Philadelphia-based singer/songwriter Birdie Busch has one of those voices that draws you in on the first phrase and breathes you out at the end of the record. It's not devastatingly beautiful, brimming with venom, or capable of coaxing small birds from their nests, but it's as familiar as storm clouds in July and as easy to ingest as a small-town milkshake. Busch and her slightly funky, sometimes quirky, and always-relaxed backing band blow through 11 slices of East Coast humor, pathos, and earnest observation that treat the word "pretense" as if it never existed. From the gentle swing of "Cup" to the bluesy Randy Newman-esque closer "Room Above the City," The Ways We Try is so subtle in its execution that it may get lost among the bevy of louder, lamer, and more opulent acts of 2006, but if the business were fair, and the cream really did rise to the top, there would be one less employee doing the serving.
What's initially striking about Birdie Busch's endearing follow-up to The Ways We Try isn't her innocent voice, intimate songwriting, or lyrics that evoke a simple, more rustic way of life. It's her album art. Like the work of obscure folk artist James Hampton (who used scavenged materials to assemble a religious monument in his garage), Penny Arcade's cover features a wooden shadow box decorated with symmetrical stacks of pennies, plucked dandelions, gold foil wrappers, and cardboard religious paraphernalia. Take the shadow box apart, and you're left with nothing but pocket change, firewood, and trash. Piece it together, however, and the everyday objects fuse into something that's whimsical and unassuming, yet nonetheless engaging. Birdie Busch's sophomore offering of pop-laced Americana follows suit; while her voice doesn't resonate with the haunting beauty of Neko Case or strike the same nostalgic chord as Gillian Welch, its earnest delivery makes it one of the most affecting altos around. The Philly resident culls her songs from a place far less populated, where the highways and cheesesteaks of her native town are replaced by rivers, ridges, and tree-borne fruit. It's an interesting approach -- embracing the countryside from a metropolitan stance -- and Busch blocks out her urban surroundings with simple folk melodies, a minimalist country-leaning band, and her slight farmland drawl. The songs aren't necessarily lush, but there's still a lot to mine here, whether the listener is sifting though the pastoral psychedelic strains of "Wild Mountain Honey" (a swampy, banjo-led cover of the Steve Miller original) or nodding to the quirky lullabying lilt of "Clemency." "My heart, well, it's worn on the outside," Busch sings during the upbeat "Hold Ya." "And if I see something good, I'm gonna show ya; and if I hear something sweet, I'm gonna tell ya." That's a raison d'être shared by the world's best singer/songwriters, and Penny Arcade sets Busch down the right path to join their ranks.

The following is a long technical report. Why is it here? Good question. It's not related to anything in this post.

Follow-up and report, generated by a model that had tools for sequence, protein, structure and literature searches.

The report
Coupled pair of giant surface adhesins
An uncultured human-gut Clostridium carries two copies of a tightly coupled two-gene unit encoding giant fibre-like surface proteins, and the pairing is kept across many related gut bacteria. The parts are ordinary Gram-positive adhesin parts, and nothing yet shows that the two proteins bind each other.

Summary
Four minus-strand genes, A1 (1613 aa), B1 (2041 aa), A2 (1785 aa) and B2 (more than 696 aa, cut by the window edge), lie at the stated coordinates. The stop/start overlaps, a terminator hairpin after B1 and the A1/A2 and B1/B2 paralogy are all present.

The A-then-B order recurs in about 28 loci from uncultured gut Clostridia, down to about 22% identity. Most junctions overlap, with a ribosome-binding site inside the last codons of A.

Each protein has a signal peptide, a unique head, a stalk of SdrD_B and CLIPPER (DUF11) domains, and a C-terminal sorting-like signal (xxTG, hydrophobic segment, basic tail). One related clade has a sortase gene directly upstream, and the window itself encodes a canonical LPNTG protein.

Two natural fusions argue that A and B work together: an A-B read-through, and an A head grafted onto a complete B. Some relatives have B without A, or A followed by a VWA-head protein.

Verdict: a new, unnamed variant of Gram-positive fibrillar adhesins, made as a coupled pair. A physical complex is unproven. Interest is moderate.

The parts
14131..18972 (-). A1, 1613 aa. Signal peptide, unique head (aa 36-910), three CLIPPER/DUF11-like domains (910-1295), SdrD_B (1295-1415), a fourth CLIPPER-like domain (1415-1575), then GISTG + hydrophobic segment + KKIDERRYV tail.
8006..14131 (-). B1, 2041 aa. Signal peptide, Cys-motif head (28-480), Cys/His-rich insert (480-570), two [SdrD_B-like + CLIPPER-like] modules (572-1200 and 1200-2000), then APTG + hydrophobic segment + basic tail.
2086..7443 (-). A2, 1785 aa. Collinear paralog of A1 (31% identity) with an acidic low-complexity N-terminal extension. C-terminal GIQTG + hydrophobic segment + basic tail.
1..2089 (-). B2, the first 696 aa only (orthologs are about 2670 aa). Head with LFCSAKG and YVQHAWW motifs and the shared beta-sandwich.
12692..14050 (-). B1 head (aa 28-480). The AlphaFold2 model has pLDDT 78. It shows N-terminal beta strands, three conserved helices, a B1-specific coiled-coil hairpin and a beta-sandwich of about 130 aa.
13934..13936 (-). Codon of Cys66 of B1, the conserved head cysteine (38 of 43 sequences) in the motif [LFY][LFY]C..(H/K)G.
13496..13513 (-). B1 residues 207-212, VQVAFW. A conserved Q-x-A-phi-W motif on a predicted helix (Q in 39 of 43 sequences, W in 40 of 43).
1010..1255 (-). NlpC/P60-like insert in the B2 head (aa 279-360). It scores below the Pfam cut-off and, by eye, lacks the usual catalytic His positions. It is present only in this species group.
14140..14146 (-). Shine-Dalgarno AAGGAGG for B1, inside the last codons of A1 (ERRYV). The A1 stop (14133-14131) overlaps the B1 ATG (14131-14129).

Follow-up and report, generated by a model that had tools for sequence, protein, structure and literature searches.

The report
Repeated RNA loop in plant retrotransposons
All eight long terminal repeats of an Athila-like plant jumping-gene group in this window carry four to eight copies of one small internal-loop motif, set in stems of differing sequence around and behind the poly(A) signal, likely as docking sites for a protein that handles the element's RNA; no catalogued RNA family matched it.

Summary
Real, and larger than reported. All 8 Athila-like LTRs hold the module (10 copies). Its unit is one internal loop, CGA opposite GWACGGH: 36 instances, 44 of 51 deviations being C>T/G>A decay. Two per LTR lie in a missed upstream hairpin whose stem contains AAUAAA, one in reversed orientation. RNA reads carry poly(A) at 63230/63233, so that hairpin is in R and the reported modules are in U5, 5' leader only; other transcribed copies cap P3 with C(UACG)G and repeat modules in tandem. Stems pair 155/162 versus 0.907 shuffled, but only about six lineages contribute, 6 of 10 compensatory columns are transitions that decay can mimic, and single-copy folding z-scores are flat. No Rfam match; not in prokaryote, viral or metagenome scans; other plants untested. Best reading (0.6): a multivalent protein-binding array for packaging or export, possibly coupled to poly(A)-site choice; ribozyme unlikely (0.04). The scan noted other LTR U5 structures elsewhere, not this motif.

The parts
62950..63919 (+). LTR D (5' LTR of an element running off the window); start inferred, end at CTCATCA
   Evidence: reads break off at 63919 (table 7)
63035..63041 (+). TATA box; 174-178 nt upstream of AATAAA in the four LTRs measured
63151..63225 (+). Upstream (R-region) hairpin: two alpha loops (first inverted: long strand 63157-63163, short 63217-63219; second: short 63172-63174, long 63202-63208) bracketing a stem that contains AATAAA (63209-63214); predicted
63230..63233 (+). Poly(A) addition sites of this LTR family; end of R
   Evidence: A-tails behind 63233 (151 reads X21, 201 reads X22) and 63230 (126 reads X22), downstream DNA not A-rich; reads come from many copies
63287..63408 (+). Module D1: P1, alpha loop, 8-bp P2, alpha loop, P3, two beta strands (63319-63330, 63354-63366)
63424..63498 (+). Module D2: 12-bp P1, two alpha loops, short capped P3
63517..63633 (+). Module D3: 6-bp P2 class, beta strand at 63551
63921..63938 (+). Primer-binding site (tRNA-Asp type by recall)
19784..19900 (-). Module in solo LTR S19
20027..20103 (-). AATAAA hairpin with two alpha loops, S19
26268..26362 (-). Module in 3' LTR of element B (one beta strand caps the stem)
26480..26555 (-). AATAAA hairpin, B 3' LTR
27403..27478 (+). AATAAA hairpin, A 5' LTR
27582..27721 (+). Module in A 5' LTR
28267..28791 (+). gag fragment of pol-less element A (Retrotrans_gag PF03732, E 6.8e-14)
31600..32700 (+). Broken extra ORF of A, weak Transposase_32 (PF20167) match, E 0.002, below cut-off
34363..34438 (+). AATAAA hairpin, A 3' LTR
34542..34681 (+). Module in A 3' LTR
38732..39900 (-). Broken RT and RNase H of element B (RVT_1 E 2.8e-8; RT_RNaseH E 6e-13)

“Pattern of Saturn”, Birdie’s third full length release, was recorded over the span of a year. Recorded in various Philly friends’ converted spaces from basements to bedrooms and even hijacking the local high school’s choir room for some piano additions, the result is both rootsy and inventive, bold yet intimate. Percussion goes from light-hearted carriage clip-clops to the chains of the ghost of Christmas past and guitars, both electric and acoustic, cover ground between country, classical, psychedelic, and blues without falling into the position of bland redux.
When asked about Pattern of Saturn Birdie said, “In a way, I wanted it to be a mix of blues and classical by way of melodic repetitions. One of the things I love so much about blues patterns and finger-picking is that you can kind of go in all different directions. Meanderings from these simple pathways can be so interesting and prancing but also trancey. The idea was in bringing melodic themes in and out from one song to another where it was so subtle you might not notice but you’ll feel it, that continuity and flow.”